3 backchecking systems used by NHL teams (VIDEOS)

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David St-Louis

David St-Louis is a hockey analyst. He writes about NHL prospects, tactics, and systems.
Email: [email protected]

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The position of F3 in the offensive zone is crucial.
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Players are taught to backcheck fast and hard. The work rate of a team, its competitive desire, is often measured by the first few strides of players after losing possession; a group that immediately gets on the heels of opponents, that hounds the puck, usually controls the flow of games and ends up winning more of them. 

It is not enough, however, to work hard on the backcheck. Players have to do it smartly, in a coordinated and calculated manner, in order to maximize the effectiveness of the tracking in the short term, to limit the dangerousness of the opposition’s attack, and in the long term, to conserve energy. 

Devising clear backchecking systems fulfills those goals and brings consistency to a team. 

Here we will present three systems that are used at the NHL level and focus on the movement of F3 — the key to most successful backchecks. The first one is the most popular, but the other two pair well with certain forechecks and have their own advantages. 

Crucial to all three of those backchecks is the position of F3 in the offensive zone. When possession is changing hands, that player has to move above the puck to prepare the hunt.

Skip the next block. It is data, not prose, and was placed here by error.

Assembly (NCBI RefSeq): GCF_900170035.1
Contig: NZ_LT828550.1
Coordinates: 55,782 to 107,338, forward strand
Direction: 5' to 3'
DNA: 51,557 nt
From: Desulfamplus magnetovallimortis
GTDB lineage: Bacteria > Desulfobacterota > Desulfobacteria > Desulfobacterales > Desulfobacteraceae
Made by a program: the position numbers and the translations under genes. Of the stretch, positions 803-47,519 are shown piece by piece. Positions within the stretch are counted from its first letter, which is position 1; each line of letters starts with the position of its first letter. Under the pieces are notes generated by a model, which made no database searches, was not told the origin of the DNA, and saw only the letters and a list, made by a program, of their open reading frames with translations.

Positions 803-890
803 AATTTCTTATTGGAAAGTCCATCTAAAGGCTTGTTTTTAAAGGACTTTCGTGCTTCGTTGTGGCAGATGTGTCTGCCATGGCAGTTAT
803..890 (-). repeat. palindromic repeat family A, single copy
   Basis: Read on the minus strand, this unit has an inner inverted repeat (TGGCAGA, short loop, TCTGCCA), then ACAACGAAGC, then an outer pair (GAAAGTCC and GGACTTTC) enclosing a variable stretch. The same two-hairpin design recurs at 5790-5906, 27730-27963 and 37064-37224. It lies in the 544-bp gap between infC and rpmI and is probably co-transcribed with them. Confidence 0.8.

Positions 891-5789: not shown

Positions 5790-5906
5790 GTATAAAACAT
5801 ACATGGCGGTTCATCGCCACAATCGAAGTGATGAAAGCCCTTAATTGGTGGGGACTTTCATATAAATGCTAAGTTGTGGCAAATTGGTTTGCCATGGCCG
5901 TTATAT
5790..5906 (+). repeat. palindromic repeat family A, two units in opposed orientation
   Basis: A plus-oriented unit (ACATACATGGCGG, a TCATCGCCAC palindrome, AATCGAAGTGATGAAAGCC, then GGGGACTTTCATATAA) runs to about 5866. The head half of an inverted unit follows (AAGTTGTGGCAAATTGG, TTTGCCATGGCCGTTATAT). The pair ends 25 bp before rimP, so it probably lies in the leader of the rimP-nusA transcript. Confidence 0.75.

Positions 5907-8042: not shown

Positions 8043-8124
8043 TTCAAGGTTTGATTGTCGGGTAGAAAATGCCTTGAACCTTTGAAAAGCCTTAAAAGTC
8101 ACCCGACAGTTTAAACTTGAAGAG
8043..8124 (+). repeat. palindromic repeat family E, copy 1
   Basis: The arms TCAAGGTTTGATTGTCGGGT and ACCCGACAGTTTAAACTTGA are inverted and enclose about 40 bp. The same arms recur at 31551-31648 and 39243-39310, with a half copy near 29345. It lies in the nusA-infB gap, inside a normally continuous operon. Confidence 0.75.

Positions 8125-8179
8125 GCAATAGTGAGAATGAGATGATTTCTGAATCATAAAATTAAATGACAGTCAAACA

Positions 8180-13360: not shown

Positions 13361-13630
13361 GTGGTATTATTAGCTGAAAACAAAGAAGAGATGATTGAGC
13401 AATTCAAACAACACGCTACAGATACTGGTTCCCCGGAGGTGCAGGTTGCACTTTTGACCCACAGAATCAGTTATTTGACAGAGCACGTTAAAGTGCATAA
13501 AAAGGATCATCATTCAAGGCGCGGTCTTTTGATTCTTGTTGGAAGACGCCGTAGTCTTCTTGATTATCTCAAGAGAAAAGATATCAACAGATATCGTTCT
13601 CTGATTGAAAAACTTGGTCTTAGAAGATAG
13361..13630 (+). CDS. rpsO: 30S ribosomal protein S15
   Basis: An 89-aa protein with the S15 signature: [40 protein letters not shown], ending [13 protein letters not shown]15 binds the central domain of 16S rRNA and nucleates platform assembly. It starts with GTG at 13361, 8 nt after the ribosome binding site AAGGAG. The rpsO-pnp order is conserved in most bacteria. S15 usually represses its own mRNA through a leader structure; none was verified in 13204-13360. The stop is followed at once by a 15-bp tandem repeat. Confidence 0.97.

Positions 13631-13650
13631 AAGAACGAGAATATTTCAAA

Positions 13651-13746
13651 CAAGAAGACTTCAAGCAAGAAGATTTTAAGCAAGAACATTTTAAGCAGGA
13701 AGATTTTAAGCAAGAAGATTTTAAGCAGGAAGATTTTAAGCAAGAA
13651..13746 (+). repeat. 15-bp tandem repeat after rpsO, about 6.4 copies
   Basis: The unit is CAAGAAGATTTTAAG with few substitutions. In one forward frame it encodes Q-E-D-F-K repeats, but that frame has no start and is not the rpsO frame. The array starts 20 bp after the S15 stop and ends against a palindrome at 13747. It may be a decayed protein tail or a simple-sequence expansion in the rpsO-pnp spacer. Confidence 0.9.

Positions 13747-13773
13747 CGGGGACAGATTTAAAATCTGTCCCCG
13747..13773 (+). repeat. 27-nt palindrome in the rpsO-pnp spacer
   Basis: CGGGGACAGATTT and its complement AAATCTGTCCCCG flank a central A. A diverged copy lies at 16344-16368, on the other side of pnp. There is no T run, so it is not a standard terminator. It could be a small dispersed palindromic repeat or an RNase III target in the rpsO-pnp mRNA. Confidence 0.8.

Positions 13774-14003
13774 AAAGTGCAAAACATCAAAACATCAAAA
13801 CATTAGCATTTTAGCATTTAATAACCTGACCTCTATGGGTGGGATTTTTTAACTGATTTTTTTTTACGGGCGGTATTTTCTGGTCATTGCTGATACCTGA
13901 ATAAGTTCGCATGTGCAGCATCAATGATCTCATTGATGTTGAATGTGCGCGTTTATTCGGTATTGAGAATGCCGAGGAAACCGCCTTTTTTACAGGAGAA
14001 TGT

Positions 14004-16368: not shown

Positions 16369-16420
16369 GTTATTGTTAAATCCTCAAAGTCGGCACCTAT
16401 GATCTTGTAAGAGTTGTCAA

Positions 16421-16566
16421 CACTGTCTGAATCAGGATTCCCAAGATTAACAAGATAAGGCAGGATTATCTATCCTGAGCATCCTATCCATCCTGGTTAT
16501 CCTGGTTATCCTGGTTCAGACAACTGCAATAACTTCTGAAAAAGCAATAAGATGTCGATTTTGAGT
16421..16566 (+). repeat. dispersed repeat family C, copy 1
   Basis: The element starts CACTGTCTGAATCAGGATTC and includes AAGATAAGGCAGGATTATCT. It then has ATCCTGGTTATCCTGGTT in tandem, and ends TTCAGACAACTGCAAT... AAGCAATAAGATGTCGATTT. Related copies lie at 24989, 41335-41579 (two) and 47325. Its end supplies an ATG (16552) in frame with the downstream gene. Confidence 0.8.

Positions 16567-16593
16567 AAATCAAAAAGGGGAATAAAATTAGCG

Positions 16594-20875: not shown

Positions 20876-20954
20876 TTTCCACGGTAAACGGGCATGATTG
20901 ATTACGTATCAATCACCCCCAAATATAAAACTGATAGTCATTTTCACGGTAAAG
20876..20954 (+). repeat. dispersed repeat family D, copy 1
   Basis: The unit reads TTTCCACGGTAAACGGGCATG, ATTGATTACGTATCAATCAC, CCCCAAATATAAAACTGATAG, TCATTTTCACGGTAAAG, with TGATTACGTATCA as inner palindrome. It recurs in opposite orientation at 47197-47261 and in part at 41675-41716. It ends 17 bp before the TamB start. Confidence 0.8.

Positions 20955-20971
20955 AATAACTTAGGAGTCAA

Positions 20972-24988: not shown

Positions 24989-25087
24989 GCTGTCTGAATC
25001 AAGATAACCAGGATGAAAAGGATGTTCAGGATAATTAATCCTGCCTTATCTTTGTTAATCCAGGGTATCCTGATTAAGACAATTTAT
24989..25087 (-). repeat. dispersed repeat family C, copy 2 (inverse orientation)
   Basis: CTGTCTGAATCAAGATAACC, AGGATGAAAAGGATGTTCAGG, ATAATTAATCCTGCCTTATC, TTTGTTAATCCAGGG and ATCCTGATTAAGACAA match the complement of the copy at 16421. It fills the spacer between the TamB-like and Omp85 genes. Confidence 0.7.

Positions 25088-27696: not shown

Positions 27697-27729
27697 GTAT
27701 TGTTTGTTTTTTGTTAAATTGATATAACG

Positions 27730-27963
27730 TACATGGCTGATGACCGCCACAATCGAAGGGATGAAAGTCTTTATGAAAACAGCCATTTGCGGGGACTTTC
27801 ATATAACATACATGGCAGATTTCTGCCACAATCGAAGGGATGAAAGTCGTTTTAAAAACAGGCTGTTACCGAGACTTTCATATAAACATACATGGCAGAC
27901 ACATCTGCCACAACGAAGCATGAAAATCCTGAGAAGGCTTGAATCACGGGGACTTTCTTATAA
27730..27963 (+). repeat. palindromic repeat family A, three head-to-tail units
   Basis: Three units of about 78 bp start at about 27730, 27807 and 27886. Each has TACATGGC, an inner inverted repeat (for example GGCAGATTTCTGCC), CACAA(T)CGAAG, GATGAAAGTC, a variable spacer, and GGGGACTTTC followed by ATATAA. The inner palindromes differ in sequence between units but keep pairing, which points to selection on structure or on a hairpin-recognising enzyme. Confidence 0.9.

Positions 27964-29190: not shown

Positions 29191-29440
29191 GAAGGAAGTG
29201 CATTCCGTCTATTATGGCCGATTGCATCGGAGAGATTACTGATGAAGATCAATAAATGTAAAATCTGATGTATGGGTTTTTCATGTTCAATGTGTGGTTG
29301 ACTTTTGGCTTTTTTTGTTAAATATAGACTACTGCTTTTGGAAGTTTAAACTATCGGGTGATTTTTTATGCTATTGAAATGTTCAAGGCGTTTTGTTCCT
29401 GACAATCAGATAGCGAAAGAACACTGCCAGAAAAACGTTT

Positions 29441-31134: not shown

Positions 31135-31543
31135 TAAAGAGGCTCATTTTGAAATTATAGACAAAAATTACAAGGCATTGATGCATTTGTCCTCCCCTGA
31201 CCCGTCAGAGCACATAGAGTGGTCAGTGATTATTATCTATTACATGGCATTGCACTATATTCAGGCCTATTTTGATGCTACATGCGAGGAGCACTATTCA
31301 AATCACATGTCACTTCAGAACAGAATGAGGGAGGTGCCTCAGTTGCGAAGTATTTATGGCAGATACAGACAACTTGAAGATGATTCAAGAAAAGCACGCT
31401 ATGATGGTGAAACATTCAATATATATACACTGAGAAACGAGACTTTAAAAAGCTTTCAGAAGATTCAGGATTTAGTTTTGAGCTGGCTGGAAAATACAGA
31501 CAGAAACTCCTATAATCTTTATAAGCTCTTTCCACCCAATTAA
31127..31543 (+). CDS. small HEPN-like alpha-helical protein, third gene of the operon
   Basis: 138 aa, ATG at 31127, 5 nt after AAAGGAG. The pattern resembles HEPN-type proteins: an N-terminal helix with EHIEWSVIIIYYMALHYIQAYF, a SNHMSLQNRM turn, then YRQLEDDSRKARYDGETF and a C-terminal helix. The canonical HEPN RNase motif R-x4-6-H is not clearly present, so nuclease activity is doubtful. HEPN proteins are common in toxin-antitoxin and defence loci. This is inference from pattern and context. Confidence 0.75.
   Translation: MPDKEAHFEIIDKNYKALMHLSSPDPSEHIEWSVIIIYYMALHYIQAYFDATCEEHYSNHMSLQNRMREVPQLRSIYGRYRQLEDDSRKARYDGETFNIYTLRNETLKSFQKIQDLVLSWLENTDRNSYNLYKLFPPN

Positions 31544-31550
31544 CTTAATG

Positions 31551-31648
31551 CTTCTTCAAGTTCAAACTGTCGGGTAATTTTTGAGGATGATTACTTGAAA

1. Chasing the carrier

This system is by far the most aggressive. F3 chases the puck carrier through the neutral-zone in order to limit space, passing options, and angle the attack to the outside. 

If the carrier rushes along the boards, the defencemen have two choices.

They can shift towards the attacked side of the ice, squeezing the puck carrier by doubling the pressure. As a result, the opposing carrier has to deal with  F3 on his heels and, in front of him, a backward skating defenceman, walling access to the zone. 

Or, those same defencemen can shift away from the carrier and cover the other lanes, the middle and the weak-side corridor, letting F3 catch up solo and force the carrier to dump the puck. 

Both movements have their advantages and disadvantages. 

If the defencemen slide towards the puck carrier, the pressure intensifies; it maximizes the chance of a turnover. But the movement opens up the weak-side corridor; a deft cross-ice pass to a teammate, the neutral-zone defence crumbles, and it leads to odd-man rushes. 

If the defencemen move away from the puck carrier to cover the weak side, the responsibility of stopping the rush falls in the hands of F3. The backcheck becomes a race to the defensive blue line. If F3 falls behind, the carrying attacker gets in. 

The position of F3 in the offensive zone is crucial . . .

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